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Title: Levels of macrophage inflammatory protein 1α-(MIP-1α) and MIP-1β in intervillous blood plasma samples from women with placental malaria and human immunodeficiency virus infection
Authors: Sujittra Chaisavaneeyakorn
Julie M. Moore
Lisa Mirel
Caroline Othoro
Juliana Otieno
Sansanee C. Chaiyaroj
Ya Ping Shi
Bernard L. Nahlen
Altaf A. Lal
Venkatachalam Udhayakumar
National Center for Infectious Diseases
The University of Georgia
Mahidol University
Kenya Medical Research Institute
New Nyanza Provincial General Hospital
Organisation Mondiale de la Sante
Centers for Disease Control and Prevention
Keywords: Biochemistry, Genetics and Molecular Biology;Immunology and Microbiology
Issue Date: 1-Jul-2003
Citation: Clinical and Diagnostic Laboratory Immunology. Vol.10, No.4 (2003), 631-636
Abstract: Macrophage inflammatory protein-1α (MIP-1α) and MIP-1β play an important role in modulating immune responses. To understand their importance in immunity to placental malaria (PM) and in human immunodeficiency virus (HIV)-PM coinfection, we investigated levels of these chemokines in the placental intervillous blood plasma (IVB plasma) and cord blood plasma of HIV-negative PM-negative, HIV-negative PM-positive, HIV-positive PM-negative, and HIV-positive PM-positive women. Compared to HIV-negative PM-negative women, the MIP-1β concentration in IVB plasma was significantly elevated in HIV-negative PM-positive women and HIV-positive PM-positive women, but it was unaltered in HIV-positive PM-negative women. Also, PM-infected women, irrespective of their HIV status, had significantly higher levels of MIP-1β than HIV-positive PM-negative women. The MIP-1α level was not altered in association with either infection. The IVB plasma levels of MIP-1α and MIP-1β positively correlated with the cord blood plasma levels of these chemokines. As with IVB plasma, only cord plasma from PM-infected mothers had significantly elevated levels of MIP-1β compared to PM-negative mothers, irrespective of their HIV infection status. MIP-1β and MIP-1α levels in PM-positive women were positively associated with parasite density and malaria pigment levels. Regardless of HIV serostatus, the IVB MIP-1β level was significantly lower in women with PM-associated anemia. In summary, an elevated level of MIP-1β was associated with PM. HIV infection did not significantly alter these two chemokine levels in IVB plasma.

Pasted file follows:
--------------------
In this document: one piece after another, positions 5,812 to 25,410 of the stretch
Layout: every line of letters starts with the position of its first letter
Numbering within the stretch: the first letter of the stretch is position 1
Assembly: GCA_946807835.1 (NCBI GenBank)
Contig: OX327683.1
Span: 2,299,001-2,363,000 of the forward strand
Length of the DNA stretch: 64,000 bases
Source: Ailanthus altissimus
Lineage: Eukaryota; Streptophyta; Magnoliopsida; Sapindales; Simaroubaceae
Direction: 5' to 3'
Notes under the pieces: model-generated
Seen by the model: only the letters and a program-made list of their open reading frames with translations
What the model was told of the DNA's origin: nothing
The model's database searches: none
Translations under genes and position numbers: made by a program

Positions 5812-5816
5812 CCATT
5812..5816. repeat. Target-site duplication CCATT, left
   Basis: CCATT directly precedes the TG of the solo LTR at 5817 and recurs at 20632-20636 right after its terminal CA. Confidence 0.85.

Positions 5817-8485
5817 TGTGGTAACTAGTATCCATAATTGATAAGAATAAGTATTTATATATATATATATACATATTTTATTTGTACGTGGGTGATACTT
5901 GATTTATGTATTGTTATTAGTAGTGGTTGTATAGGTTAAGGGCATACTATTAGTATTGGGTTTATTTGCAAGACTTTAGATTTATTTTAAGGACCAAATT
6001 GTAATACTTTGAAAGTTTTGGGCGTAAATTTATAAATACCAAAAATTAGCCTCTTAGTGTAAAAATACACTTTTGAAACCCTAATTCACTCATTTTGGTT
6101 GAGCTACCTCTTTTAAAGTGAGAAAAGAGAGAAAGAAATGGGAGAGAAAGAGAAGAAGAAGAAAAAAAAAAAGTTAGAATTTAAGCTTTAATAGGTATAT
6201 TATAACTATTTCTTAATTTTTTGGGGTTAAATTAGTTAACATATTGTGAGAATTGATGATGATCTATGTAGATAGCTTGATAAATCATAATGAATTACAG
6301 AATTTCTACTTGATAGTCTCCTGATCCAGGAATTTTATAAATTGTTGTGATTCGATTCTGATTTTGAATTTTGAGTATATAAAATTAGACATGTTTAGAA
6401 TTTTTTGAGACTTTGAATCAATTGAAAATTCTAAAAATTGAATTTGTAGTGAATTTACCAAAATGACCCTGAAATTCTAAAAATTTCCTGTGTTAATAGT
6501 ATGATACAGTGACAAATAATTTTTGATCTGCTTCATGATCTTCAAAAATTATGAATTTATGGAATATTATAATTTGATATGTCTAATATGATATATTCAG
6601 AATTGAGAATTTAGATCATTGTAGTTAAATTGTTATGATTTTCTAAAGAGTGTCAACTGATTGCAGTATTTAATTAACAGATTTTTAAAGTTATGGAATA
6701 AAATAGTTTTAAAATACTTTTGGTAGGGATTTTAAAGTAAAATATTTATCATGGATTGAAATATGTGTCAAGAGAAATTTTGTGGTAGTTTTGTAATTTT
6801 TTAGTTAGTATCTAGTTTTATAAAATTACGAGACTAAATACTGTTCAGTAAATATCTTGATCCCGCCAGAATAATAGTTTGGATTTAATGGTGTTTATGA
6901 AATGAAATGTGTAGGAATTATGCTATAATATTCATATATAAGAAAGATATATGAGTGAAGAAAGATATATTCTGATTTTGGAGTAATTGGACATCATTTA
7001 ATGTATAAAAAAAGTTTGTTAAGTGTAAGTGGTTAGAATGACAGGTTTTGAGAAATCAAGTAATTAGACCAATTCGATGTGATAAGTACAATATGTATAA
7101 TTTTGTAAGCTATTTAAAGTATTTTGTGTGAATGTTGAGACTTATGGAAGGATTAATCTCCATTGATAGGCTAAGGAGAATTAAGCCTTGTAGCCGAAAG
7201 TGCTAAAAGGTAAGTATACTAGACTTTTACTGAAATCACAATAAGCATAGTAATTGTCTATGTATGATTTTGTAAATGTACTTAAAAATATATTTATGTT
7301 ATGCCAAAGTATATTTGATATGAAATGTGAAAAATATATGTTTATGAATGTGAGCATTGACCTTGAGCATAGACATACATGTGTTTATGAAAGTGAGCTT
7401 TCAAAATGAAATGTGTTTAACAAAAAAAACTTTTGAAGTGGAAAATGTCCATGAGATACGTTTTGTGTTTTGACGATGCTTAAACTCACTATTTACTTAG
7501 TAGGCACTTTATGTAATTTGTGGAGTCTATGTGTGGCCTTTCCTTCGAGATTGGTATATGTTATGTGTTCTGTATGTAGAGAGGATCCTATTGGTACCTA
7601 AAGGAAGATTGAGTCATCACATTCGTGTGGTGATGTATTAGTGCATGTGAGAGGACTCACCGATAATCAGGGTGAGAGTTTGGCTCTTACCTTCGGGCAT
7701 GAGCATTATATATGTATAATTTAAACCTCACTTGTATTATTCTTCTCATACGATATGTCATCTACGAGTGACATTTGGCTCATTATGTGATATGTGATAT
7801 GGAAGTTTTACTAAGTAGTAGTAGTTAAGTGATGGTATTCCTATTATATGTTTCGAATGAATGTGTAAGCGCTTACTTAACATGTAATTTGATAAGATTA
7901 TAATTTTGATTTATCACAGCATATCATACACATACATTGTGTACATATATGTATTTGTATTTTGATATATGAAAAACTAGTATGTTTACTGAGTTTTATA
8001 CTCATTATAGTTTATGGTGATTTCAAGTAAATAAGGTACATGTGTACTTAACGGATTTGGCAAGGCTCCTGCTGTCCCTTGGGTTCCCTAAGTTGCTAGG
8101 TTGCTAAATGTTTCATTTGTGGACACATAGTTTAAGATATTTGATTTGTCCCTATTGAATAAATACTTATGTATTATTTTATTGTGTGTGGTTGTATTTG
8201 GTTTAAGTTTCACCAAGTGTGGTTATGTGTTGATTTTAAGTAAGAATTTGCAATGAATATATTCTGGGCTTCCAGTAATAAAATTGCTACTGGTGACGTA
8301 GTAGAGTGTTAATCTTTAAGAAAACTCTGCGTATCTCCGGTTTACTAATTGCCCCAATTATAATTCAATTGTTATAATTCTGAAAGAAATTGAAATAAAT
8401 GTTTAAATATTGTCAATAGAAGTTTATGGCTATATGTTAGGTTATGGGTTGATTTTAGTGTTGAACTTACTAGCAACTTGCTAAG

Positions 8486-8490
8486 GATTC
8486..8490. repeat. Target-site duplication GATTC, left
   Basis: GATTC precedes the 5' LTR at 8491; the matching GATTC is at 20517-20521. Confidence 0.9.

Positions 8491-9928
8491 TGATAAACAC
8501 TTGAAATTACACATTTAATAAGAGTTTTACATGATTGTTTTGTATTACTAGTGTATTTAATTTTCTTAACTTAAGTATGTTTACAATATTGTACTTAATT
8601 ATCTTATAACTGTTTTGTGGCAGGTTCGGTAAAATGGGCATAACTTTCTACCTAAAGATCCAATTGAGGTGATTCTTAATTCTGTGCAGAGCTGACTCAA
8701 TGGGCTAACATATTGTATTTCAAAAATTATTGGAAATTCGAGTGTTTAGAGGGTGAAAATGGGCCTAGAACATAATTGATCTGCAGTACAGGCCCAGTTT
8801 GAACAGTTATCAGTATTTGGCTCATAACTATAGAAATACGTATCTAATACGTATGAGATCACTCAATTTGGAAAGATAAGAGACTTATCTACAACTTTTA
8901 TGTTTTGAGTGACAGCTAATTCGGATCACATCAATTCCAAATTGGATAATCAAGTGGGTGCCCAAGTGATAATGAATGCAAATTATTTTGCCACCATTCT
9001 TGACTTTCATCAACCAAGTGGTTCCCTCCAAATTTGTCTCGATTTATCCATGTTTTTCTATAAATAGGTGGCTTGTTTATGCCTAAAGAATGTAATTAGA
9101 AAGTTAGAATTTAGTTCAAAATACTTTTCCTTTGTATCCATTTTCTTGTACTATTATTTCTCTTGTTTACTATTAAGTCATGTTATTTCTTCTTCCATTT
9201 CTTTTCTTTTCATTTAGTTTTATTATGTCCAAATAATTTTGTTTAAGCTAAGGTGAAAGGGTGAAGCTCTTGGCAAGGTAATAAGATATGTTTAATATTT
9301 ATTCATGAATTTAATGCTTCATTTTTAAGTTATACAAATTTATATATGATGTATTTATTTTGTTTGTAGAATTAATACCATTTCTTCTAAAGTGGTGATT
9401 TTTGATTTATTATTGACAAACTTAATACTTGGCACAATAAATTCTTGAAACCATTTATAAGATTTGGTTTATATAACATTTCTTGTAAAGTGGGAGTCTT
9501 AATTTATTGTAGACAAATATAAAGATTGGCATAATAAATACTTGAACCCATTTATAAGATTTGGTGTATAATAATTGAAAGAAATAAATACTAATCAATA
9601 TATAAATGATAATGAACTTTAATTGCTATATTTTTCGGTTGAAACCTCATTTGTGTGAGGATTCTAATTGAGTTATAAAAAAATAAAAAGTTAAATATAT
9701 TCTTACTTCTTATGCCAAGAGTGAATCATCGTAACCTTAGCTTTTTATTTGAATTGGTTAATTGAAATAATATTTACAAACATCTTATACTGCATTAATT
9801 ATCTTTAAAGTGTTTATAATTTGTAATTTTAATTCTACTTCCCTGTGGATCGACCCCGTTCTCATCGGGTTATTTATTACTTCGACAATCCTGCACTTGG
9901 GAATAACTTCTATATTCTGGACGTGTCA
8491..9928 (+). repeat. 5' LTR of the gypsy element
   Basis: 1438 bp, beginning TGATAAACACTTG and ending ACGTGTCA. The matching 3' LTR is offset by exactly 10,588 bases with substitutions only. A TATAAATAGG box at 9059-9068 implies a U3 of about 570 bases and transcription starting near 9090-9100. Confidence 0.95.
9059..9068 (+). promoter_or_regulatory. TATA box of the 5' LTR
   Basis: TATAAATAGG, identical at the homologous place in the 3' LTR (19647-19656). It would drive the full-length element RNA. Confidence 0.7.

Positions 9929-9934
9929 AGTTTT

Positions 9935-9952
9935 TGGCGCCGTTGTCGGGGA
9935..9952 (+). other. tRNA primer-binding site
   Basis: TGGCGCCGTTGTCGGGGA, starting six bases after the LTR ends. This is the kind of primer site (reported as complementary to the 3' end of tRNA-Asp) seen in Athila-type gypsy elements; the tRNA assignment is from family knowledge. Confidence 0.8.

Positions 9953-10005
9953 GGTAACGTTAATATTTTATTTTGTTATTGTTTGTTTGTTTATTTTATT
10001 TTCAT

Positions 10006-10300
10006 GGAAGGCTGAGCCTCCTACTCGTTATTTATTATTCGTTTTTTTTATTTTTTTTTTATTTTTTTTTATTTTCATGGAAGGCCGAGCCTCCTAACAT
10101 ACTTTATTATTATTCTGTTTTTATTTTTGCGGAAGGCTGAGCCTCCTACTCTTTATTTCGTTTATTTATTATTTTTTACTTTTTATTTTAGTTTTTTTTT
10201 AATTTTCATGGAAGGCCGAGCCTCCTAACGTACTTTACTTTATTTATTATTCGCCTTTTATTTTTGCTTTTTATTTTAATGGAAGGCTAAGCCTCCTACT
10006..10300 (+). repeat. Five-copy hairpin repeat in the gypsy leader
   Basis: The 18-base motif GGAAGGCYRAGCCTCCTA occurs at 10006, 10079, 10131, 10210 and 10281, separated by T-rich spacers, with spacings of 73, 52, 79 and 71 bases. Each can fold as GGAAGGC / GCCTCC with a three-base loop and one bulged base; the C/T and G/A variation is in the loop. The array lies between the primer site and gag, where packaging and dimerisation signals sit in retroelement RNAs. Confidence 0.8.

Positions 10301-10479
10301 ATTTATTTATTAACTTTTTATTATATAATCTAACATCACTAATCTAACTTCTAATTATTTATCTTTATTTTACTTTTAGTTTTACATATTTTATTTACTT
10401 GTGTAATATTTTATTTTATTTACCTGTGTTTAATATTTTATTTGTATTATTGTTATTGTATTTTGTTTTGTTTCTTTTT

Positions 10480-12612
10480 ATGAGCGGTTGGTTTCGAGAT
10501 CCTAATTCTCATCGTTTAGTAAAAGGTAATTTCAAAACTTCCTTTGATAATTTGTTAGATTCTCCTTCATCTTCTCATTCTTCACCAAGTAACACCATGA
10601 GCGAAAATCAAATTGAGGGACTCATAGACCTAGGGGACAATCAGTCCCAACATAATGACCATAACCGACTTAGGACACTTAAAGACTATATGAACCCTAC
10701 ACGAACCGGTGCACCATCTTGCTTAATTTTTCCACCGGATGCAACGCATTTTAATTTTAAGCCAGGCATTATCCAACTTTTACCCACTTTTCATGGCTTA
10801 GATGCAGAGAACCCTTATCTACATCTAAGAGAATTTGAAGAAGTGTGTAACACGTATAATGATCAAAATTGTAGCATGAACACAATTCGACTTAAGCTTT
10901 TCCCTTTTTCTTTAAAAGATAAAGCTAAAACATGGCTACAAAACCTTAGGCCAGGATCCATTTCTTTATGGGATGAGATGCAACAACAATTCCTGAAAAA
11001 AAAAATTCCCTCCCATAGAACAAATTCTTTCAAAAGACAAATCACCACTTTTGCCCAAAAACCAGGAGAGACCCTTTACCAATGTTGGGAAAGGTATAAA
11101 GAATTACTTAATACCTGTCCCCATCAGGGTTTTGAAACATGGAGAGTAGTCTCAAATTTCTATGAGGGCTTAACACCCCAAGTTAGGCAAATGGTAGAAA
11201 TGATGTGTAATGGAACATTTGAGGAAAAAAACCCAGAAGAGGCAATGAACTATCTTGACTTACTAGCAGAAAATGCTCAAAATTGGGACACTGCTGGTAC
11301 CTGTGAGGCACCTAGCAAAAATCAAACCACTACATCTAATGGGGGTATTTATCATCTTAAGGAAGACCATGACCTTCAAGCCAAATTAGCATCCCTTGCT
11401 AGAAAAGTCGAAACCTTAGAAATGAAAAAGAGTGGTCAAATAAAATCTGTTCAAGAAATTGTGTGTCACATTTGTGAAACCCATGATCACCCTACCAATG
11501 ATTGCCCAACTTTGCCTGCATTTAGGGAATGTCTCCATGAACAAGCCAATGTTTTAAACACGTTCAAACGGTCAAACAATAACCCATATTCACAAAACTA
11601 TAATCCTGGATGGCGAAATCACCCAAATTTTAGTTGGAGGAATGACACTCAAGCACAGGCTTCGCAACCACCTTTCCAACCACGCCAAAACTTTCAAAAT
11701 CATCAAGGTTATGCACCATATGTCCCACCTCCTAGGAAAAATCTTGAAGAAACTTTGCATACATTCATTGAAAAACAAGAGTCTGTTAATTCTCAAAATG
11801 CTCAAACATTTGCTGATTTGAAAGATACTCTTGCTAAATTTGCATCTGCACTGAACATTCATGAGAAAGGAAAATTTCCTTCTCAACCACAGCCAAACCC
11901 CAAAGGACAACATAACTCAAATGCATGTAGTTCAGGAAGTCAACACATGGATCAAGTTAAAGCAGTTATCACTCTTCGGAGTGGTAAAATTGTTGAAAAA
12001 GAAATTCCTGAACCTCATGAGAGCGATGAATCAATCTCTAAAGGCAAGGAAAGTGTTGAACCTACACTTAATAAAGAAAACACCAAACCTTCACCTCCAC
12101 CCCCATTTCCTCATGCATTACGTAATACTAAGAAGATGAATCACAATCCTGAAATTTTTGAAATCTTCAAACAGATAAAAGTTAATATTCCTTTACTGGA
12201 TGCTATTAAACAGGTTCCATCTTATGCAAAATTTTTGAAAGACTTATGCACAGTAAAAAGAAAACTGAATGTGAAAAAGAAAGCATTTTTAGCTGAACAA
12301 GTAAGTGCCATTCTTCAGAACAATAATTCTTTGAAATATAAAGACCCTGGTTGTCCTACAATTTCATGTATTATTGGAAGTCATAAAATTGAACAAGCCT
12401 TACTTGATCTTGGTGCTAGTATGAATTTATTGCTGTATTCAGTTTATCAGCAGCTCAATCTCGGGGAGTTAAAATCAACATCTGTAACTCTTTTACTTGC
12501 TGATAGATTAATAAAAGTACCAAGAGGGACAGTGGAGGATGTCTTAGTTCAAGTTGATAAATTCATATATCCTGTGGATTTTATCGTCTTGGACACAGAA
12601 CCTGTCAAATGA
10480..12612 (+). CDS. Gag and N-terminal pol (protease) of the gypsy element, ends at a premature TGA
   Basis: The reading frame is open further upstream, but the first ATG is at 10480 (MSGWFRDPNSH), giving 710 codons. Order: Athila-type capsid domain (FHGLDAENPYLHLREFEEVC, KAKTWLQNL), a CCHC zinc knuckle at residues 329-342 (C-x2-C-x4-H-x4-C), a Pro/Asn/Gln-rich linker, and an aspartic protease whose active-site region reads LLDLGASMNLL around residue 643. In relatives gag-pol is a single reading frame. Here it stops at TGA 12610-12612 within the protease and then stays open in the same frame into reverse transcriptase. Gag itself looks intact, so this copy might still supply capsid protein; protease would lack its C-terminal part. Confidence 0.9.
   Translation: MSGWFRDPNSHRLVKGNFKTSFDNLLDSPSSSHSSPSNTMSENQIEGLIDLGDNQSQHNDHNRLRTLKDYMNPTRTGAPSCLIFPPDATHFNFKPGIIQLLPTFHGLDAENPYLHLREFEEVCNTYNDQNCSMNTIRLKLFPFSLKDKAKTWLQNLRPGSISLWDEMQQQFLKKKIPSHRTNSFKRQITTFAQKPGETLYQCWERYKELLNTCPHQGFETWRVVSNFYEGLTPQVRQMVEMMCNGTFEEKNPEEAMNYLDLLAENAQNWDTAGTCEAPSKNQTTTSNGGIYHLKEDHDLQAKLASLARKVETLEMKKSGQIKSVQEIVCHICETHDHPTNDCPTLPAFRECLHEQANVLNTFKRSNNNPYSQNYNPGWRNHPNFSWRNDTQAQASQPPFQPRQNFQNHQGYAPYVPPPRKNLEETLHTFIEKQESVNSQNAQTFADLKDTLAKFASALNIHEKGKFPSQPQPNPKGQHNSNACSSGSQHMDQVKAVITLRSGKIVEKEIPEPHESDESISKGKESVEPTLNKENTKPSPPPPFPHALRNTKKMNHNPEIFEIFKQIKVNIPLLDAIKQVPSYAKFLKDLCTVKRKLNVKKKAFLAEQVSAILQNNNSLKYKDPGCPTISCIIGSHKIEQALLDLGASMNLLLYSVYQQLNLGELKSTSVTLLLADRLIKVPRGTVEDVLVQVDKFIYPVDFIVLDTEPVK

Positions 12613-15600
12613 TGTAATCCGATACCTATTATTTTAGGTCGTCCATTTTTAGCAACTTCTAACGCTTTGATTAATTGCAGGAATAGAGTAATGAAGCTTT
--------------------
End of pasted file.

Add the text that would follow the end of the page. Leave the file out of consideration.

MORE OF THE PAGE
ISSN: 1071412X
Appears in Collections:Scopus 2001-2005

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